Our rapid data analysis platform to process, interpret, and report on your FCS data files. Find out how to process multiple files, use our compensation wizard, autogating and more on VenturiOne.
Hi, my name is Jo Crofts welcome to the Applied Cytometry flow cytometry software VenturiOne. We’ve recorded some tutorials to help you get started using the software.
To get the most out of the software the tutorials are designed to be used alongside the getting started guide and the operation manual. You will find these at the website below.
When using VenturiOne you can create both single parameter and dual parameter overlay plots, created these plots will display in the overlays tab. In the overlays tab there are two areas, the area of the overlays themselves and the galleries area which shows you
the individual plots which make up the overlay.
To create an overlay plot you can go to the plots tab and send any individual plots from any sample within your group or work list to a selected overlay plot. From within the plots tab you can select single or dual parameter plots to centre the overlay.
So, using this manual method I can go to any sample in the list and then select the plots that I want to go to the overlay. So, here for example if I want to add the FMC7 plot I click on it to highlight it, then right click and then choose the send selected plot to overlay plot.
As I currently don’t have any overlay plots I will create a new overlay plot with that sample in it. I can then go to the second sample in my playlist highlight and right click on the FMC7 plot and send the selected plot to the overlay and now I can either choose to send this to a new overlay or send to existing overlay, overlay one.
In this case I’m going to add it to overlay one and then I can go to the third sample in my playlist and do exactly the same thing. if i now go back to the first sample, if I want to create an overlay for example that shows the CD79b’s I can again right click on that plot and now I will choose to send that plot to a new overlay plot.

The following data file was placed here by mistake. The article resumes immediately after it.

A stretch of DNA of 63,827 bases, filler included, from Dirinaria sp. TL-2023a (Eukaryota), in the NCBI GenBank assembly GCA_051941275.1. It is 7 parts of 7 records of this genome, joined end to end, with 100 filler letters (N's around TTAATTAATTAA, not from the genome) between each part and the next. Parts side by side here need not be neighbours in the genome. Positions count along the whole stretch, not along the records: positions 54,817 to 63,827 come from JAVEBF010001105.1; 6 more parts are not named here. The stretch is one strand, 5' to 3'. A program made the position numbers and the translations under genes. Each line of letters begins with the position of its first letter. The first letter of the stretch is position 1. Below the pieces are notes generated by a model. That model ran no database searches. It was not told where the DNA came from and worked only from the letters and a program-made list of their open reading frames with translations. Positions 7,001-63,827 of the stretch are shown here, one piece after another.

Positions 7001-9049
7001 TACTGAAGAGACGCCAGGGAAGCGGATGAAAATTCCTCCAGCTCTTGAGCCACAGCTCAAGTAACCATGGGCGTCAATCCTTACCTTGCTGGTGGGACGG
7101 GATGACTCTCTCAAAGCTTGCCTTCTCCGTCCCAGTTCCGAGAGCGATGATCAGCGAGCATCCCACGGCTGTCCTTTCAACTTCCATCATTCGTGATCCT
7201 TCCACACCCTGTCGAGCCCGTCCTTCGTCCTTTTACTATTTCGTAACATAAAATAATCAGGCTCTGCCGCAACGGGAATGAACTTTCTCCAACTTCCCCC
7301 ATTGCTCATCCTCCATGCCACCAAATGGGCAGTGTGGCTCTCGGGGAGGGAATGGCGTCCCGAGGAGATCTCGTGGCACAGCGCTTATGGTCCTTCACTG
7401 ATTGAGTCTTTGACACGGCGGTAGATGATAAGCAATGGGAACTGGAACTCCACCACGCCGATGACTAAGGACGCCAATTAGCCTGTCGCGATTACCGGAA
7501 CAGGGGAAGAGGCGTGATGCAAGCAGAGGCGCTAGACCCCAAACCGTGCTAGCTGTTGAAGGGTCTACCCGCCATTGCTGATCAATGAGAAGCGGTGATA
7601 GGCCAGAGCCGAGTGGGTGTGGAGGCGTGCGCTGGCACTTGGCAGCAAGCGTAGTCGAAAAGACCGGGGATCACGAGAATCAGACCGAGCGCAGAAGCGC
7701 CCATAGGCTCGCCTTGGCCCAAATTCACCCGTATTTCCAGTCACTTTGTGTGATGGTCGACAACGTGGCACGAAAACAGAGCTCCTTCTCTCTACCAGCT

This will be an overlay plot containing the CD79b’s so go to the second sample, right click on the 79b plot and select send to overlay 2. If I want to create an overlay of dual parameter plots, I can do this in the same way.
Right click on the plots then send to overlay plots and in this case I can only send to a new plot because the first two overlays were only single parameter overlay plots. Then I can go to the second sample and send that to overlay three.
To look at the overlay plots click on the overlays tab of the workspace. So, here we see the three overlay plots that we’ve created and the individual plots that make up each of the overlays.
Here in the galleries area looking at the individual plots, I can change the formatting of the plots by going to the overlay format tab on the ribbon. On this tab I can change things like the background colour, the data colour, and I can also fill the histogram with a particular colour.
Any change that is actually made to the gallery will be reflected in the overlay plot. So, now I can draw this one filled as well. The gallery has some tools within it that will help you visualize the overlays, particularly if you are interested in looking at a lot of overlay plots against each other.
You can for example, set one histogram as the control and then that histogram will then show itself on all the other individual plots in the overlay in the gallery. So, if you want to compare individual plots against a control that’s a very useful feature.
You can also choose to see the control in front or the control behind depending on the kind of samples that you’re looking at. In this case the control in front is obviously the better option.
I can send selected plots to the report for printing and I can also move selected plots between overlays, so if I do manage to send a plot to the wrong overlay I can come to the gallery and move that plot to the correct overlay.
When you click on the overlay plot in the overlays area and choose the format tab on the ribbon you have a 3D mode that offsets the individual plots. This can be done for both single and dual parameter plots.
You can also change the rotation of these plots in order to see the overlays more clearly. For histogram plots there is also a smoothing algorithm if you want to smooth any of the plots.